‘I was gone. She brought me back.’ –  Limerick Farmer thanks woman who saved his life

Donal O'Regan

Reporter:

Donal O'Regan

Email:

donal.oregan@limerickleader.ie

‘I was gone. She brought me back.’ – Farmer thanks woman who saved his life after cardiac arrest 

Friends for life: Johnny, Margaret Davis; Lynda O Duinn | PICTURE: Michael Cowhey

ALL the stars aligned to save the life of Murroe man Johnny Davis after he suffered a cardiac arrest.

Aoife McGivney, a nurse in Dublin, saved a bus driver's life on O'Connell Bridge this week after he collapsed at the wheel. But Johnny, who works in the farm at Glenstal Abbey, fell to the ground in the much more rural location of Abington, Murroe.

“It was 10.30am. I was sweeping leaves and then I was talking to a neighbour, Mike Holmes – that’s all I remember. Weeks later, he told me I just started to fall back. I was gone.

“Mike ran out on to the road, near Power’s pub, and the first car he stopped was a nurse (Lynda O Duinn). She never travels that road. He waved the car down. Lynda told me afterwards she saw the fear in his eyes. She started giving me CPR. Only for her knowing what to do...” said Johnny, who is married to Margaret and they have two sons, Adrian and Gavin.

The 55-year-old said another kind-hearted lady, Carmel Lynch from Cappamore, stopped to give her assistance. Then PJ Holmes, who owns the Spar in Murroe, pulled in.

“PJ  doesn’t usually travel that road either. He saw what was going on and went straight to Murroe and got the defibrillator. Normally it is locked but it was open so there was no delay in bringing it straight back,” said Johnny. While all this was going on Lynda kept doing chest compressions. He said her hands were so sore the next day that she couldn’t change the gears in her car. Lynda used the defibrillator brought by PJ.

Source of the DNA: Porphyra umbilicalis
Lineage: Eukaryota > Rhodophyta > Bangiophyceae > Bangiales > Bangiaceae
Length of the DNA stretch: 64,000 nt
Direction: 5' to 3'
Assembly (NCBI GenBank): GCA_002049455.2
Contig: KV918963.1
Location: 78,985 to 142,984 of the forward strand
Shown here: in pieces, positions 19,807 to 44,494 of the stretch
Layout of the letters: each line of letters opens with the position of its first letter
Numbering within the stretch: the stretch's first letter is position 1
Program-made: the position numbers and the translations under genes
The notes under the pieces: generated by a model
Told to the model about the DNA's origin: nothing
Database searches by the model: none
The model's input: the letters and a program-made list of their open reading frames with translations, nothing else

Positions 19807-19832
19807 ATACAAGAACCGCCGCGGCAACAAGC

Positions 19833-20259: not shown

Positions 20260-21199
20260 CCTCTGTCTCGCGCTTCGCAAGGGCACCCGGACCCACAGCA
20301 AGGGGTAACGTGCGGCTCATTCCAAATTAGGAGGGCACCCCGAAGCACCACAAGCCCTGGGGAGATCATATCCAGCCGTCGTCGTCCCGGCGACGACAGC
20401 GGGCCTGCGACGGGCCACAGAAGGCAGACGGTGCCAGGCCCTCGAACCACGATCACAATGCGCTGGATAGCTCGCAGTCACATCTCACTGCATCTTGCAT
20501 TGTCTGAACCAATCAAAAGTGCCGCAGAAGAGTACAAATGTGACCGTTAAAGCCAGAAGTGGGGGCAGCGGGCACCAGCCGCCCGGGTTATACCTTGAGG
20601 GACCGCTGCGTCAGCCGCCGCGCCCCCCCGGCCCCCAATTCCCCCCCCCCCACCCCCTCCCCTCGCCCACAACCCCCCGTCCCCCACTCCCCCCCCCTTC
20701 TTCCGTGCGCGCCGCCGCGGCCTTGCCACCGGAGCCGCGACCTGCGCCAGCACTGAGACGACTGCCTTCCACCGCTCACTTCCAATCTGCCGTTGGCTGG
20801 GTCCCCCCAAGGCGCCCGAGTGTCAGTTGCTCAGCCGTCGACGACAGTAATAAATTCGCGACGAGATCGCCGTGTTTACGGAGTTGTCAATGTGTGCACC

“I was gone. She brought me back. She saved my life. When the ambulance came within 20 minutes there was signs of life. I wouldn’t be alive today only for Lynda, PJ, Mike and Carmel. Everything slotted into place. Everybody was in the right place at the right time,” said Johnny. But he mighn’t have been in the right place.

“I was going to drive down a corner post up the fields in Glenstal before going to Abington. I don’t know why I changed my mind. If I had done that I was gone because I wouldn’t have been found.  According to the staff in UHL, there is a 5% per cent chance of a person surviving a cardiac arrest outside of a hospital,” said Johnny, who thanked everyone who came to his aid, the community for rallying around and the monks who were very good to him while he was out sick . He got three stents inserted, is back to full health and has had the opportunity to meet Lynda since it happened in October.

The stay at home mum-of-three downplays her training as a nurse in the Mater and post grad in emergency nursing because it is 19 years since she worked in a clinical setting of any kind. She says CPR and using a defibrillator are skills that “anyone can learn”.

Originally from Drogheda, Lynda moved to Limerick about 14 years ago. She says it was only the second time she has driven on that road. Both occasions were to see her children play a GAA match.

After heeding Mike Holmes’ call for help, Lynda said Johnny had no pulse and his breathing had stopped.

“It was the loneliest experience, lying in the middle of the road and someone pumping on your chest. Some lovely bystanders stopped, they were a phenomenal support to me. Then out of the blue a defibrillator popped up beside me.

“He was shocked three times in my company and he started making efforts to try and breathe while his heart was trying to start to re-beat. And then two lovely female paramedics came after 20 minutes. You could see that he had a heartbeat and a pulse. It was the best feeling in the world,” said Lynda.

She and Johnny have kept in touch since and there are two vital things that they would like to get across from sharing their story.

“Learn CPR. It's a simple and effective life saving skill. It is the first thing, after calling for help, to do in a cardiac arrest. The defibrillator is the second piece of the puzzle. 

“It's also perfect timing to share this message as the Irish Heart Foundation is launching a new major initiative where they are aiming to train 100,000 people in communities across Ireland in CPR for free over the next two years. It's called Hands for Life and more information can be found at irishheart.ie” said Lynda. Secondly, she says people should find out where their community defibrillators are located and how to access them.

“You need CPR to pump blood to the brain and all the major organs. The defibrillator is definitely a game changer in terms of getting the heart started again to a normal rhythm,” said Lynda.

Johnny Davis is living proof.